HARARE – The Grain Marketing Board (GMB) in Manicaland, Zimbabwe, has started receiving grain deliveries, with 300 tonnes already delivered to its 14 depots.
The GMB CEO, Dr Edson Badarai, stated that they are expecting around 500,000 tonnes of grain this season. Nationally, farmers have delivered 12,000 tonnes of maize, 938 tonnes of red sorghum, 1,623 tonnes of white sorghum, 6 tonnes of millet, and 2,331 tonnes of soybeans.
This represents an improvement compared to the previous season.
Dr Badarai emphasized that grain trade has been liberalized this season but urged farmers to sell their grain to contractors who have supported them with inputs or financed their production. He also mentioned that farmers with sponsored crops, such as those participating in the Presidential Inputs Programme, should deliver their grain to the GMB.
Farmers in Manicaland are expected to receive payment within a week of delivering their grain. The GMB has set the price for maize and traditional grains at US$335 per tonne, with US$200 paid in cash and the remaining US$135 in local currency at the interbank rate.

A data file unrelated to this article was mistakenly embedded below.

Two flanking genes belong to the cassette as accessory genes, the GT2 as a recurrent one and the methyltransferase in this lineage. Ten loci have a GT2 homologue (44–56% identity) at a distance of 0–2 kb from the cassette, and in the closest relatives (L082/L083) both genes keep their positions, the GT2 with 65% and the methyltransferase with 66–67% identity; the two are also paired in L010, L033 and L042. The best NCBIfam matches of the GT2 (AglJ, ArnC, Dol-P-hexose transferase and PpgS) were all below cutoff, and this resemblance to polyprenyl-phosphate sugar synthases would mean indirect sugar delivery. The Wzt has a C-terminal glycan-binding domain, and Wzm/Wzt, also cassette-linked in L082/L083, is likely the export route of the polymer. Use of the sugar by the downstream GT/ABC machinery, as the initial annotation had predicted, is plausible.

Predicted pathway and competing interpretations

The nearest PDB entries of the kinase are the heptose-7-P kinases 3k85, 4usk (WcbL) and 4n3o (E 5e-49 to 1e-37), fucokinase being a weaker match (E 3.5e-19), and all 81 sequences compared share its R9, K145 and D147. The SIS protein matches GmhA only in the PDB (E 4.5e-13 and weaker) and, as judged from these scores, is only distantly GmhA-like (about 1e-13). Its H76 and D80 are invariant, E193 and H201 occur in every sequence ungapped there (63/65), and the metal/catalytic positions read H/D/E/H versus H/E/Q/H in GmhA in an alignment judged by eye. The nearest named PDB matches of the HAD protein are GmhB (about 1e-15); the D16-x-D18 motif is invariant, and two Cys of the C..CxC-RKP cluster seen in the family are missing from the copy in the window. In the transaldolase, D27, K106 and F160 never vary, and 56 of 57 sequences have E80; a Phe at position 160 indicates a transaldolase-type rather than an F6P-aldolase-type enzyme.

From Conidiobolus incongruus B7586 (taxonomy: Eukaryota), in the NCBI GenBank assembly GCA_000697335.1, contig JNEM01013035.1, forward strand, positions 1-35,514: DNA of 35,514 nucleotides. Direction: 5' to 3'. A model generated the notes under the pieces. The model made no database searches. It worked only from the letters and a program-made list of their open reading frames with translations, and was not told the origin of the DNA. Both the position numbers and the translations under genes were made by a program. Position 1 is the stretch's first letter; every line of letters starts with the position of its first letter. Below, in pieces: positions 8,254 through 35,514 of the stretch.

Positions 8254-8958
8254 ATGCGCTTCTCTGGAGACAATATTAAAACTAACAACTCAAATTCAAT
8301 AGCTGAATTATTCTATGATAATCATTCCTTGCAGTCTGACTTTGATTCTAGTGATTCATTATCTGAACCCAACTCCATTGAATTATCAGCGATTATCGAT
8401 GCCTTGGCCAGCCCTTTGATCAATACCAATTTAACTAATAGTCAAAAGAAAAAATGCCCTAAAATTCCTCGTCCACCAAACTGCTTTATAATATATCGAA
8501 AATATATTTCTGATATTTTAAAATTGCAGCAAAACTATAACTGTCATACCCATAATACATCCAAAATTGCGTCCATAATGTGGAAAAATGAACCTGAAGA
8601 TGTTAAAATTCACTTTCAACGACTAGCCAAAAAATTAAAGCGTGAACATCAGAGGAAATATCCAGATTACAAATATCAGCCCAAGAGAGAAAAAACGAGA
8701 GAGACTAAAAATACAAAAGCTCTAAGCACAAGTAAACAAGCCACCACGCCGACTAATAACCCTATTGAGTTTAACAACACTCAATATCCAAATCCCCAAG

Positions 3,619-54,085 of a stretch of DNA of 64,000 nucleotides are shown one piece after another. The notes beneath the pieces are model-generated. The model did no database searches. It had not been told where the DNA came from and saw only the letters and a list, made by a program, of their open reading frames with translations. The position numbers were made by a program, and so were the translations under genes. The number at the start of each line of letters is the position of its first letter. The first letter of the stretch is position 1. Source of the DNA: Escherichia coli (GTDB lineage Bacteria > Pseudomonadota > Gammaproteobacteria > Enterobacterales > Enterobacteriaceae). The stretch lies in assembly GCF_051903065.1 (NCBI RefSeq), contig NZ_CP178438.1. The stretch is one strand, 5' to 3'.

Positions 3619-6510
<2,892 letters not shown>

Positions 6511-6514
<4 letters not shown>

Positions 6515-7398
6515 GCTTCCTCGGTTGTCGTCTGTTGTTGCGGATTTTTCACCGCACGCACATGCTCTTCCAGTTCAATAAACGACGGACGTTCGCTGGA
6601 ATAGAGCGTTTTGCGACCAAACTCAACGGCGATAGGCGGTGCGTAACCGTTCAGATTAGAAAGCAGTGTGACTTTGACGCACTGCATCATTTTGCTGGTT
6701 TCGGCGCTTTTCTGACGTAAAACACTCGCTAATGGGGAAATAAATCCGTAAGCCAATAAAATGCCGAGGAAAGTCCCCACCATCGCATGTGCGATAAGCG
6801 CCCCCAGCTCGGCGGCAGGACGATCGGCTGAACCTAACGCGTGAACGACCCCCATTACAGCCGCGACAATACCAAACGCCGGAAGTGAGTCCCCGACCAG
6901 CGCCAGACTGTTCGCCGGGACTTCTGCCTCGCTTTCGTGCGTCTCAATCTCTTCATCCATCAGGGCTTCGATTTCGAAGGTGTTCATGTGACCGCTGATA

The price for soybeans has been set at US$580, with US$348 paid in foreign currency and US$232 in local currency. The price for sunflower is US$696, with US$418 in foreign currency and the balance of US$276 in local currency.
Government-supported programmes like the Presidential Inputs Programme and Pfumvudza Programme have contributed to increased grain production and food security in Manicaland.
The Pfumvudza Programme, which accounted for 56% of grain produced in the province last season, provides households with specific crop inputs for various crops.